Having decided that I wanted to try the UV lithography approach to making boards, the first thing to do was to get a UV exposure unit. Unfortunately, they seem to cost about £100 – which is more than I was prepared to pay… So how to make my own? I spotted a project on Hackaday where someone had bought UV LEDs from E-bay and used these to expose a board. This is nothing new – here are links to some similar projects: 1 2 3
I ended up buying a pack of 100 UV LEDs and soldering them onto stripboard to make my UV exposure unit.
The circuit is very simple – a 12V linear regulator (7812) controls the voltage, which is passed through many sets of 3 x UV LEDs in series with a current limiting resistor (100 ohm). I used 84 UV LEDS in my unit. Schematic here: [jpg],[ps], [svg]
Once soldered on, you then need a flat surface to put your transparency and PCB on. I used a bit of 5mm thick perspex sheet (e-bay again). Don’t use a material which is opaque to UV (like window glass). This was mounted to the stripboard by PCB nylon spacers (maplin).
The whole thing is mounted in a 120 CD DJ case (maplin)- the rails make good supports for the perspex and the LED board hangs off that.
Power is supplied by a simple wall wart connected by a co-ax power connector attached to the case.
The unit works quite well, and my exposure tests with it indicate that the best exposure time is 90 seconds (which compares well with commercial units).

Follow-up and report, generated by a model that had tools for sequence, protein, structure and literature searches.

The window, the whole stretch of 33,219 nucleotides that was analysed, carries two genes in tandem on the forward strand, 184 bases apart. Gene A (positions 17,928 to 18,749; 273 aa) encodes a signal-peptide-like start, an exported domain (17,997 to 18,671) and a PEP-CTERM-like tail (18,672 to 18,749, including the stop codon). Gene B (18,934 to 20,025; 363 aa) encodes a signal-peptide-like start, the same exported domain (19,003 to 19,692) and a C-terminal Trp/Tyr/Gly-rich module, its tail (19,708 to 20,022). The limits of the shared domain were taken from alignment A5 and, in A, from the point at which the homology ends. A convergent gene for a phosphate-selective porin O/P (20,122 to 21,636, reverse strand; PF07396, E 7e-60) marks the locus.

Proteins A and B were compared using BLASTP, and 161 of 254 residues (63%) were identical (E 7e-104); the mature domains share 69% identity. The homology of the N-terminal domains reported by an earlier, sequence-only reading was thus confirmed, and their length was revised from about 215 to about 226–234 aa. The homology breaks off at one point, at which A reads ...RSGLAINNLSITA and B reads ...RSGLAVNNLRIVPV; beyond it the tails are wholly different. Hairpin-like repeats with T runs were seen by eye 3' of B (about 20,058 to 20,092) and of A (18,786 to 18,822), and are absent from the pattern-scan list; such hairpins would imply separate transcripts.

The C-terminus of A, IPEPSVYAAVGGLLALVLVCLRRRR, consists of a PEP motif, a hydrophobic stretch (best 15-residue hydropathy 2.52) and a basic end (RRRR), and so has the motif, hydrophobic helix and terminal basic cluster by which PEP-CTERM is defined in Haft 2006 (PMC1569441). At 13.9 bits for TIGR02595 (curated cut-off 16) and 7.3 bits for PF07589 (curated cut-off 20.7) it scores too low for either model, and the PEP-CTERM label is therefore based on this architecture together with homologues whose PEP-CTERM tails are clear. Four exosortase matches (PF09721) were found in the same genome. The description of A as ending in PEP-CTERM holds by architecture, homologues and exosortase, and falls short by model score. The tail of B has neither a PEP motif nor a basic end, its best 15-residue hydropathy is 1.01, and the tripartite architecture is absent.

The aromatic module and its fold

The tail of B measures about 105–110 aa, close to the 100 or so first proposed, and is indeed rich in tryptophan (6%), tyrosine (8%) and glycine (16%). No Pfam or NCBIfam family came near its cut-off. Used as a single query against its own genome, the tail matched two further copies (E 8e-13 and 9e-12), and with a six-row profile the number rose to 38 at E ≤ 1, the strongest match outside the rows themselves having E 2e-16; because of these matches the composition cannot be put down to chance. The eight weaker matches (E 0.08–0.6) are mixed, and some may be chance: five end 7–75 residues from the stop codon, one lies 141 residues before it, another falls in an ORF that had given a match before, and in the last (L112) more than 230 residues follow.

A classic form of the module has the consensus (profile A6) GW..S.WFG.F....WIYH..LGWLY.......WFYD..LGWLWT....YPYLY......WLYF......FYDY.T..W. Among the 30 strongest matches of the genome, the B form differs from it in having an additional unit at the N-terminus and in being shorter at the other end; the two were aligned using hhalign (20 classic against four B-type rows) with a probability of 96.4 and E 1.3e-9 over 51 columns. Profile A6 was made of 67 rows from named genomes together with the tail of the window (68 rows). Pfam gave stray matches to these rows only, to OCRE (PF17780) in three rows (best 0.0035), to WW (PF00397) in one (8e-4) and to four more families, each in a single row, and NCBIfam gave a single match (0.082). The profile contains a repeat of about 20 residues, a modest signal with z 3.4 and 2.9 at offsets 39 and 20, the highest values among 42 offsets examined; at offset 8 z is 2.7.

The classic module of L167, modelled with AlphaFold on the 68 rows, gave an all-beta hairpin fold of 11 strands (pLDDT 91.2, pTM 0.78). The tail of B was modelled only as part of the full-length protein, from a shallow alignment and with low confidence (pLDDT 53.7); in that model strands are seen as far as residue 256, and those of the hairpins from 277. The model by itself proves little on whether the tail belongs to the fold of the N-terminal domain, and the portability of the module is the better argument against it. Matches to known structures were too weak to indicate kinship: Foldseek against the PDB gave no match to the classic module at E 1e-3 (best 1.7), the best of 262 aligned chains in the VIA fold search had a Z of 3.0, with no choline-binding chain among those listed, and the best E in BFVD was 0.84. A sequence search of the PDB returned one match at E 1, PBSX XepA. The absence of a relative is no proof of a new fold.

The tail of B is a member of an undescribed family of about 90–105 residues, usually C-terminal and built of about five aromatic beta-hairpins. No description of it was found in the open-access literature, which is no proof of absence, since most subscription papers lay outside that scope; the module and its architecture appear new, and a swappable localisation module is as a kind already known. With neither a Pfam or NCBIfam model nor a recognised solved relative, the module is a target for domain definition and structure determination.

My only gripe with it is uniformity – the LEDs have lenses in the case, so I’ve effectively got 84 little spots of light across the surface of the perspex sheet. I had tried to mitigate this by mounting the LEDs a decent distance from the imaging plane and arranging the LEDs in a hexagonal pattern (as close to circular packing as you can get).
It isn’t too bad, but I’m realising that uniformity of UV exposure is directly related to PCB yield and the minimum feature size that you can etch. I’m attempting to improve things by putting some light scattering sheets (cut up poly pockets) between the LEDs and the exposure surface. I’ll report back here on how it goes…
The other improvement I’d like to make to the unit is to put in an automatic timer. It would probably be PIC or Arduino based with either a MOSFET or relay to turn the 12V on and off and some sort of screen/7-seg display plus buttons for a user interface. In the meantime, I’ll make do with my watch and the power switch 🙂